This is a new era for us. We are struggling 200 years after the initial invasion, fighting the white man's law makers in their own legal game where our fathers and our ancestors before us were not able to do
becomes an example of "Mabo's political genius to recognise that the decolonization struggle of Indigenous peoples had entered a new era".  Russell also sees elements of the sacred in Mabo's life: the exile who suffers a martyr's death is redeemed and so is finally able to return to his spiritual home on the island of Mer.  Russell's near hagiography of Mabo even extends to euphemising (and implicitly exculpating) the latter's sometime propensity to domestic violence as a sign of the commitment of the activist. According to Russell, Mabo "was never one to back away from a tough political battle" and "sometimes, as Netta lovingly relates, he brought this anger home with him".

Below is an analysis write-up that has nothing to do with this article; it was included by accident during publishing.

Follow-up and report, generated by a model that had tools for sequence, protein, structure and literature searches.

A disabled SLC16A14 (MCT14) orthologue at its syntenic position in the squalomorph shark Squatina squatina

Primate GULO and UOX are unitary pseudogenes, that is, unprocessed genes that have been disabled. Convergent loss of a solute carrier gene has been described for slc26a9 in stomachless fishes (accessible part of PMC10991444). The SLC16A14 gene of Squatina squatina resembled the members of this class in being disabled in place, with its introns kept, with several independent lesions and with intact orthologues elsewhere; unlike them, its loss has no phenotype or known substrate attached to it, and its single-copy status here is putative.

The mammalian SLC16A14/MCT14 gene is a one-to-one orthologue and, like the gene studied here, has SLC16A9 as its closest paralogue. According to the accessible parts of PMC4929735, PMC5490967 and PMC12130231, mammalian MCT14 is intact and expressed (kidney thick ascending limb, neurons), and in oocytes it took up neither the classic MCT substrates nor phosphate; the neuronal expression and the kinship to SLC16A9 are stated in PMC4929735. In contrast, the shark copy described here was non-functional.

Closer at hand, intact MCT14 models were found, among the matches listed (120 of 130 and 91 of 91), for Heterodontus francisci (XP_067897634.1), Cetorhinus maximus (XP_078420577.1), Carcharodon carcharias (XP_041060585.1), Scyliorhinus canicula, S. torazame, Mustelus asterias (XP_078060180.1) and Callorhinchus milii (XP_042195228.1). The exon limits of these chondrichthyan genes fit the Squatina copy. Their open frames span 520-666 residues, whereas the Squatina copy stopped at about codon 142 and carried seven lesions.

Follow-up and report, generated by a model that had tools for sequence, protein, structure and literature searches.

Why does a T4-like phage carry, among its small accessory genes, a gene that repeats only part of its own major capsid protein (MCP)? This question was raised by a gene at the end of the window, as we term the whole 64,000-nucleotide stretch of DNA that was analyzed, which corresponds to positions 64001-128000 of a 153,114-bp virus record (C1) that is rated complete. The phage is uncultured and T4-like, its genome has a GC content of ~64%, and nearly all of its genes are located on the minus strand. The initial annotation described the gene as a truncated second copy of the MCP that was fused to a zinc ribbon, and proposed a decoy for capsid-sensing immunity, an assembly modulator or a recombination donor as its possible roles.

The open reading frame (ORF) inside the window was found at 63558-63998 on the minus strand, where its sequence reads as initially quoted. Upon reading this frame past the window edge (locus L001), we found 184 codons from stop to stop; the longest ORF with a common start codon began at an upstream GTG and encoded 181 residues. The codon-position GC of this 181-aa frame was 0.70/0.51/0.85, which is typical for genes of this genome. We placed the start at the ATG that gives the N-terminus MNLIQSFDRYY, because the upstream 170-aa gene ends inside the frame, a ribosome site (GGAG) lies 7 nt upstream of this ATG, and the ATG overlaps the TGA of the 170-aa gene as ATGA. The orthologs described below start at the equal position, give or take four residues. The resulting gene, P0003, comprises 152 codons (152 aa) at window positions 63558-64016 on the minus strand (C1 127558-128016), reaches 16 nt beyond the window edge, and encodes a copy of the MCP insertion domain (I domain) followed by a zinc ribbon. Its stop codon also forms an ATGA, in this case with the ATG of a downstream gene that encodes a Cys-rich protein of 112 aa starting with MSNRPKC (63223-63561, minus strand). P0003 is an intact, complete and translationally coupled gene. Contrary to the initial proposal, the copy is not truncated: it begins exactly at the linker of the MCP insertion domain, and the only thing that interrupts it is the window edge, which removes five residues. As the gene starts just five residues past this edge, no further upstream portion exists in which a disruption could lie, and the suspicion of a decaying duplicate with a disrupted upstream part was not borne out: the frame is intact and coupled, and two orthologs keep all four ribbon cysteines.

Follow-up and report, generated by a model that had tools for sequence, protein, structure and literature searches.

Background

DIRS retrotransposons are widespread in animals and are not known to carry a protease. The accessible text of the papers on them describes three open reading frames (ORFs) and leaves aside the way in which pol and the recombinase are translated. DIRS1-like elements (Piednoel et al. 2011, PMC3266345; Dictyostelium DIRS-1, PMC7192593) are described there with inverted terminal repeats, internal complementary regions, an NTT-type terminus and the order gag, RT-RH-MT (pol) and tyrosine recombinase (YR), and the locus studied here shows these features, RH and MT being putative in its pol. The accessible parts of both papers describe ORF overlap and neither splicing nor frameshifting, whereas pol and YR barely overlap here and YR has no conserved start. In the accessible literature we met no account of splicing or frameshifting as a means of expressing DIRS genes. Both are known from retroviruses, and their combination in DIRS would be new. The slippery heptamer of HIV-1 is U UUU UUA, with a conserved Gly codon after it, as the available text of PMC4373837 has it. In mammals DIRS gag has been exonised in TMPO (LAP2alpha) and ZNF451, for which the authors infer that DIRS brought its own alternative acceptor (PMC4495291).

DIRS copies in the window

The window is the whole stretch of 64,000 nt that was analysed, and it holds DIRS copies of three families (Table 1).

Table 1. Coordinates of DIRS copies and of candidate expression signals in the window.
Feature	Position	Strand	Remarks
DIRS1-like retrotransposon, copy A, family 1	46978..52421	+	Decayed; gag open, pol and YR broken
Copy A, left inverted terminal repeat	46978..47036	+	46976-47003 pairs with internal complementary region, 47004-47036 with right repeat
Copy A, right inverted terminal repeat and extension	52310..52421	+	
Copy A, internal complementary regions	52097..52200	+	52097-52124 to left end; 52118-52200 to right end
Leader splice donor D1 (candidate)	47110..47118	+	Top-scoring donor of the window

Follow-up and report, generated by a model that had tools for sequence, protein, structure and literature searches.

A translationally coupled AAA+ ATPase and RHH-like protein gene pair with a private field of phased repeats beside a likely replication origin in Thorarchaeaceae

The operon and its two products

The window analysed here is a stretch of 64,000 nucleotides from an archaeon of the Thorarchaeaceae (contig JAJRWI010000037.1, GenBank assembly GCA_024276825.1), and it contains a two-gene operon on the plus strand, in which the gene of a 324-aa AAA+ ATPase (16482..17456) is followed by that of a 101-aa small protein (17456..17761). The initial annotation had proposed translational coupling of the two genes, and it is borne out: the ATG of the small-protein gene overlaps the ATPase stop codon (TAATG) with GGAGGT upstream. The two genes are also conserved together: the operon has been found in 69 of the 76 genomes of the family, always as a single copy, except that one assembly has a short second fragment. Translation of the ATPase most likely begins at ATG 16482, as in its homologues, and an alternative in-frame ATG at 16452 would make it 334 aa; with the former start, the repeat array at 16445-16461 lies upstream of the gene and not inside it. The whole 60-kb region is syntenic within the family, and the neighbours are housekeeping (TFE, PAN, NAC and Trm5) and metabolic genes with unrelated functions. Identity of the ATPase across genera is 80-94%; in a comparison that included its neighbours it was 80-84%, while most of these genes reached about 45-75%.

Russell's thesis is simplistic, rendering a teleological course of Aboriginal "resistance", which may have been adaptive to the political modes of the colonisers, but has nonetheless enjoyed much historical consistency and coherency. The straightforward argument contained in Recognizing Aboriginal Title is supported by what are, at times, some rather unquestioning assertions. It is not true to say, for example, that in the fifties and sixties land rights were necessarily "central to the autonomy part of the aboriginal agenda".  The evidence is rather more ambiguous than Russell allows, not least because the expression "land rights" is hardly self-evident in meaning and has its own historicity.  Seeing all Aboriginal behaviour through the glass of "resistance" also creates problems. Russell claims, for example, that drunkenness is "the most common form" of passive resisting, "personal and unorganized in form, but political in spirit",  while at the Sydney Olympics, Indigenous "athletes and performers, led by the magnificent sprinter Cathy Freeman [...] temporarily set aside their people's struggle for recognition and respect so the country they share with all Australians could secure international respect",  overlooking both more simple and more complex characterisations of the behaviour in question in each case.